Holy Apostles College & Seminary is committed to the goal of achieving equal educational opportunities and full participation in higher education for persons with disabilities who qualify for admission to the College. Students enrolled in online courses who have documented disabilities requiring special accommodations should contact Chris Apodaca, the Director of Online Student Affairs, at capodaca@holyapostles.edu  or 860-632-3015. In all cases, reasonable accommodations will be made to ensure that all students with disabilities have access to course materials in a mode in which they can receive them. Students who have technological limitations (e.g., slow Internet connection speeds in convents) are asked to notify their instructors the first week of class for alternative means of delivery.


Students at Holy Apostles College & Seminary are expected to practice academic honesty.

Avoiding Plagiarism

In its broadest sense, plagiarism is using someone else's work or ideas, presented or claimed as your own.  At this stage in your academic career, you should be fully conscious of what it means to plagiarize. This is an inherently unethical activity because it entails the un-credited use of someone else's expression of ideas for another's personal advancement; that is, it entails the use of a person merely as a means to another person’s ends.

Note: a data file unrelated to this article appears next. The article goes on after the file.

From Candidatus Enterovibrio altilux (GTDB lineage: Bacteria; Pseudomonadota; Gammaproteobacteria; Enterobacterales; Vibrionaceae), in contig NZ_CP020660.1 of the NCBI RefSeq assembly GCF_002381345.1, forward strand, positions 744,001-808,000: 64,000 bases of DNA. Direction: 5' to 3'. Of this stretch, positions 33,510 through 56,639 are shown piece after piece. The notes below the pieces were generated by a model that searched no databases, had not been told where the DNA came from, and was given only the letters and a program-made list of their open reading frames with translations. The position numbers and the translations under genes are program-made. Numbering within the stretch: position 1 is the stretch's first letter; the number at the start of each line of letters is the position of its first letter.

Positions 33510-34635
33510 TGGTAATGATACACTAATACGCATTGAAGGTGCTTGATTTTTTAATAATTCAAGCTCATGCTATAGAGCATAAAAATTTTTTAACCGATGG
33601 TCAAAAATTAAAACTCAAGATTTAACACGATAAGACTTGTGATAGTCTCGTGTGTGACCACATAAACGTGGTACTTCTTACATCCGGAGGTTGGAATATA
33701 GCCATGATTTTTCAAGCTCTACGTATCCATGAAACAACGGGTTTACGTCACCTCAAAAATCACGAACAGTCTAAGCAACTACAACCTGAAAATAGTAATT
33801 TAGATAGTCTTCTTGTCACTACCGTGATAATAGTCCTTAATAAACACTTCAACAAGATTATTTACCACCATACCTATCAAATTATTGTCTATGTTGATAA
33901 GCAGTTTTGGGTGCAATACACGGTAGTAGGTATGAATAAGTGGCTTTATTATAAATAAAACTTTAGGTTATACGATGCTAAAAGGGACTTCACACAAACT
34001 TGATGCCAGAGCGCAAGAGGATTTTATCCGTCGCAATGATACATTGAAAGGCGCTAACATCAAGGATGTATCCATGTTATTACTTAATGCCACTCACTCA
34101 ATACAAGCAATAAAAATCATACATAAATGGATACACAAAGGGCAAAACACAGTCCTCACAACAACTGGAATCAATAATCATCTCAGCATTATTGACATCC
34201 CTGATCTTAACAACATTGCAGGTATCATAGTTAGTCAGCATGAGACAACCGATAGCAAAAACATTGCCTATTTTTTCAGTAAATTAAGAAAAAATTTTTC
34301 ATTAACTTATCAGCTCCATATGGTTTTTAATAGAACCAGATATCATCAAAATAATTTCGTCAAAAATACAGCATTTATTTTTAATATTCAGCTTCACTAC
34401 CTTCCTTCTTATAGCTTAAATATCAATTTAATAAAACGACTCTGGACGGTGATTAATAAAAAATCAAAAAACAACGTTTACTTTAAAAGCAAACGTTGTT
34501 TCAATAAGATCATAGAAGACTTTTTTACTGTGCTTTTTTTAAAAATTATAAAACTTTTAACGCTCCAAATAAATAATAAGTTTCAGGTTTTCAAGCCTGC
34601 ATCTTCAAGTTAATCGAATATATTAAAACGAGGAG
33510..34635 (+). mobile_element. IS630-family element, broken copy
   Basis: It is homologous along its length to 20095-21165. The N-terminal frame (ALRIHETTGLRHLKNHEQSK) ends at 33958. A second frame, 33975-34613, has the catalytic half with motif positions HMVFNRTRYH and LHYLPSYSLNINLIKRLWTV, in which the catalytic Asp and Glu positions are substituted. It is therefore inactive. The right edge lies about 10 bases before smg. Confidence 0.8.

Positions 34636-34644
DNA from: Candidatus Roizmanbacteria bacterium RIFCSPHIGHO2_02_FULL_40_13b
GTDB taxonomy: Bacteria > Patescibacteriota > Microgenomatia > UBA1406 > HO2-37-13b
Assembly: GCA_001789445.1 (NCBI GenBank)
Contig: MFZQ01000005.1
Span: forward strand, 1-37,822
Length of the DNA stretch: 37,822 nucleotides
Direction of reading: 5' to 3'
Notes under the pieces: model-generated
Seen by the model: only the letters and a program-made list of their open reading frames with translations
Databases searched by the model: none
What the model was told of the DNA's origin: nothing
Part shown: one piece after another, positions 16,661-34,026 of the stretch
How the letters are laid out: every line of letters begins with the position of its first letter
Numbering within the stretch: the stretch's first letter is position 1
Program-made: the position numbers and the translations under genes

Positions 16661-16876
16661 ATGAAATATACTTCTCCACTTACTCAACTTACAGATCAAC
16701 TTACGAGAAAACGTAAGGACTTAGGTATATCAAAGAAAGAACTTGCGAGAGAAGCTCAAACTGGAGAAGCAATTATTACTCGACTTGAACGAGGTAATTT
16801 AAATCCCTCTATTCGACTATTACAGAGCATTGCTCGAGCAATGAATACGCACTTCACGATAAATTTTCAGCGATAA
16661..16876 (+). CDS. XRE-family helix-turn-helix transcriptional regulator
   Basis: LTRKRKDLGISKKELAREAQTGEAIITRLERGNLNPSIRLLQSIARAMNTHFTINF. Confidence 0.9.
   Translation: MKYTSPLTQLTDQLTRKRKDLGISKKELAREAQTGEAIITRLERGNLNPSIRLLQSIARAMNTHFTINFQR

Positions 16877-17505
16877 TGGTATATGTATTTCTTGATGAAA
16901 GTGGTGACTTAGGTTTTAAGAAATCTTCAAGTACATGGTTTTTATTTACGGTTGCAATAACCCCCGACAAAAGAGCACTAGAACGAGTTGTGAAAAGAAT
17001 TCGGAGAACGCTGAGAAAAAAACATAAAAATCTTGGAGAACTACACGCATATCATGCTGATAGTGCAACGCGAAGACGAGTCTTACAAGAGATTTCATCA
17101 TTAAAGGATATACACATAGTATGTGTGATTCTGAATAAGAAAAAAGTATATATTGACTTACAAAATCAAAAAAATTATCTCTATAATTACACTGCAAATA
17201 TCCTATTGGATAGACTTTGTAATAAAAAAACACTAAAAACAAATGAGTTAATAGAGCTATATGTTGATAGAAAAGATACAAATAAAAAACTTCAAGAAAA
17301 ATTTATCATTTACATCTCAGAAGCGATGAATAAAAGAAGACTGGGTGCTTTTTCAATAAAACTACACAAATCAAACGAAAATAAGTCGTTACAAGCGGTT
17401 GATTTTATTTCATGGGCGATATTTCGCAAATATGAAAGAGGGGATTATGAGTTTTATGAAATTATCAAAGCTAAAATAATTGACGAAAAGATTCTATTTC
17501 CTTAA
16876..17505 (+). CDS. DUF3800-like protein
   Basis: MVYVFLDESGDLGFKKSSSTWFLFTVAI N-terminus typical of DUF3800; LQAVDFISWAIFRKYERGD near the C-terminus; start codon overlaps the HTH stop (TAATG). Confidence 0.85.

Students, where applicable:

Consequences of Academic Dishonesty:

Because of the nature of this class, academic dishonesty is taken very seriously.  Students participating in academic dishonesty may be removed from the course and from the program.


Even though you are not required to be logged in at any precise time or day, you are expected to login several times during each week. Because this class is being taught entirely in a technology-mediated forum, it is important to actively participate each week in the course. In a traditional classroom setting for a 3-credit course, students would be required, per the federal standards, to be in class three 50-minute sessions (or 2.5 hours a week) and prepare for class discussions six 50-minute sessions (or 5 hours) a week. Expect to devote at least nine 50-minute sessions (or 7.5 quality hours) a week to this course. A failure on the student’s part to actively participate in the life of the course may result in a reduction of the final grade.